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The Good

Fast, fun, and fuel-efficient, the '09 MINI Cooper looks cute as a button, but drives like a go-kart on steroids.

The Bad

The '09 MINI Cooper has no truly usable back seat and an interior layout that favors retro styling over modern functionality.

The CarGurus View

If you don't need lots of backseat or trunk space and can afford its high pricetag, the '09 Cooper represents a good choice for city dwellers. It fits in any parking space and maneuvers easily around streets and highways. Despite its subcompact classification, the Cooper also stays true to its racing heritage, with sport-like handling and a powerful engine that make it quick and fun to drive.

At a Glance

The 2009 MINI Cooper seems to offer drivers the best of all worlds. It's a high-end subcompact (yes, they do exist) with outstanding engine performance and sports handling, coupled with superior fuel economy, letting drivers have plenty of fun without breaking the bank. The front-wheel-drive subcompact comes in both hatchback and soft-top convertible forms, although there will be no official 2009 convertible offered this year. The 2008 convertible carries over in anticipation of an overhaul sometime next spring.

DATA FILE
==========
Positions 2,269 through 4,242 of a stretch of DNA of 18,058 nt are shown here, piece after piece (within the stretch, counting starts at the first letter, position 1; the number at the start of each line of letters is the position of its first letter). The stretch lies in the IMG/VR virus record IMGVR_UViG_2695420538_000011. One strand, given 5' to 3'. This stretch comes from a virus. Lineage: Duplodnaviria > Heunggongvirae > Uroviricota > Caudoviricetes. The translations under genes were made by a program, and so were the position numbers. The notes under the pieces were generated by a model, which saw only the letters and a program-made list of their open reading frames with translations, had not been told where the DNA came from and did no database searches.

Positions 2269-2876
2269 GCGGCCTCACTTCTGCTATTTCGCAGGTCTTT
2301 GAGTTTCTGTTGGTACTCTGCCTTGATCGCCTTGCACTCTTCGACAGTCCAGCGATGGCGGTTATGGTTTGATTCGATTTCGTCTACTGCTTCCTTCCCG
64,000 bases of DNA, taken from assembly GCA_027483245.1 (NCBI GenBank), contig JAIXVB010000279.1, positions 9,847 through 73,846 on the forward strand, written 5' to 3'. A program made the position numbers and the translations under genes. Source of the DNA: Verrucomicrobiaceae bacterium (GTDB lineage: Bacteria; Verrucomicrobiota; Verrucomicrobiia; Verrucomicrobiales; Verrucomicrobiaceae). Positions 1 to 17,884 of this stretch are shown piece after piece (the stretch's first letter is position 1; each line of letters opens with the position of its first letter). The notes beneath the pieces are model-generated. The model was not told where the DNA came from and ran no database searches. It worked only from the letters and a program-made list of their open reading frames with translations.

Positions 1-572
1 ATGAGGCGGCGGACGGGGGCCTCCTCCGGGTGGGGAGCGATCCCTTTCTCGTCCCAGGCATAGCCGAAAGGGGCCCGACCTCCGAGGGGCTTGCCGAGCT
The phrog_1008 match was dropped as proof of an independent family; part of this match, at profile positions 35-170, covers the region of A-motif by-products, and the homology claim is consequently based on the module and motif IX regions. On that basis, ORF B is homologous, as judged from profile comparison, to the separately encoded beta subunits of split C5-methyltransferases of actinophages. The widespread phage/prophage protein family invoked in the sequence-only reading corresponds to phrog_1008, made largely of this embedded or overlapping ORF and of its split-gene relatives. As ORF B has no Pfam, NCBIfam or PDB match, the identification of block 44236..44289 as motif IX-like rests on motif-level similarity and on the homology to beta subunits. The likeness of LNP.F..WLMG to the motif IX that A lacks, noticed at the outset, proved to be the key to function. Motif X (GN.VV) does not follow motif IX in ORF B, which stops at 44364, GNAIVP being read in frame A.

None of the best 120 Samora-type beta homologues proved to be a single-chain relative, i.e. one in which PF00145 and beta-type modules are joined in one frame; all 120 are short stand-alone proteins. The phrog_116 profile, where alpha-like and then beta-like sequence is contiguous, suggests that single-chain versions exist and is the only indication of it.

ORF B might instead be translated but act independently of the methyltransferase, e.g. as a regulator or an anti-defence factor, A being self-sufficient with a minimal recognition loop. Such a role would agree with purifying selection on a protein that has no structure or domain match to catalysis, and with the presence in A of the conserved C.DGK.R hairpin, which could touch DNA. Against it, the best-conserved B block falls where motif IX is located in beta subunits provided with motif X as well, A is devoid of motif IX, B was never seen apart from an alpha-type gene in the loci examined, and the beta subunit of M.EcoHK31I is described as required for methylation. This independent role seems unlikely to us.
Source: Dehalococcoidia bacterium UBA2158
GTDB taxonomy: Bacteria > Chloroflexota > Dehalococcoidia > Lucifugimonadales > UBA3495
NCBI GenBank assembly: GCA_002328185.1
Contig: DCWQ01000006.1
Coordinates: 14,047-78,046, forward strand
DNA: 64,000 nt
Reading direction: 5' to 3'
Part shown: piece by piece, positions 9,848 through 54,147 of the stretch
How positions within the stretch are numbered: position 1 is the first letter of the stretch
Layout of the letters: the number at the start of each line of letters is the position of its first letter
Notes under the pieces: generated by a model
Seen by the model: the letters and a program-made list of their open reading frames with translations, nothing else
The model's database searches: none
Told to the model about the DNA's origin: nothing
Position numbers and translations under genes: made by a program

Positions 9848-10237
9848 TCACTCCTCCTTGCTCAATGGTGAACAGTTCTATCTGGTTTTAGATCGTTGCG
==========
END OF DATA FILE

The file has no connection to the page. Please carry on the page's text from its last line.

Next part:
The '09 Cooper hatchback returns in Base and sport-tuned S trims, and adds a new high-performance John Cooper Works trim. This builds on the S, beefing up its suspension, brakes, shocks, springs, and wheels. It also tweaks the turbocharged engine for even more power and superior race-car-like handling. The new John Cooper trim is available only in hatchback form. Other changes include a new top speed for the speedometer, now peaking at 160 mph. Stability and traction control get added to the Cooper's standard safety equipment.

The returning 2008 Base and S convertibles feature a power fabric top with heated glass rear window. Its top can be partially opened to create a sunroof effect, but doing so creates conversation-stopping wind and road noise. Many reviewers of the 2008 convertible pointed out the extremely poor rear visibility caused by both the rear roll bar and rear headrests, and the upcoming revamp will likely address this issue by increasing the size of the rear window and substituting a pop-up roll bar.

The '09 Cooper can be customized with a variety of exterior colors, stripes or no stripes, and a long list of options. This allows drivers to truly make their Cooper their own, perhaps accounting for its popularity. Hip retro looks draw people in, but the outstanding handling, responsive engine, and affordable fuel economy keep drivers in their seats. The Cooper serves city commuters well. Though its engine power works well on the highway, its small size and harsh ride make it less suitable for long trips.


Three versions of the same 16-valve, 1.6-liter DOHC inline-four engine exist for the different trims, each putting out its own horsepower and torque numbers. Base Coopers hit 118 hp, with 0-60 times around 8.5 seconds. Not bad for a subcompact hatch. Equipped with variable valve timing, and taking advantage of the Cooper's small size, its superior fuel efficiency ranks around 28/37 mpg. Horsepower dips to 115 in the Base convertible.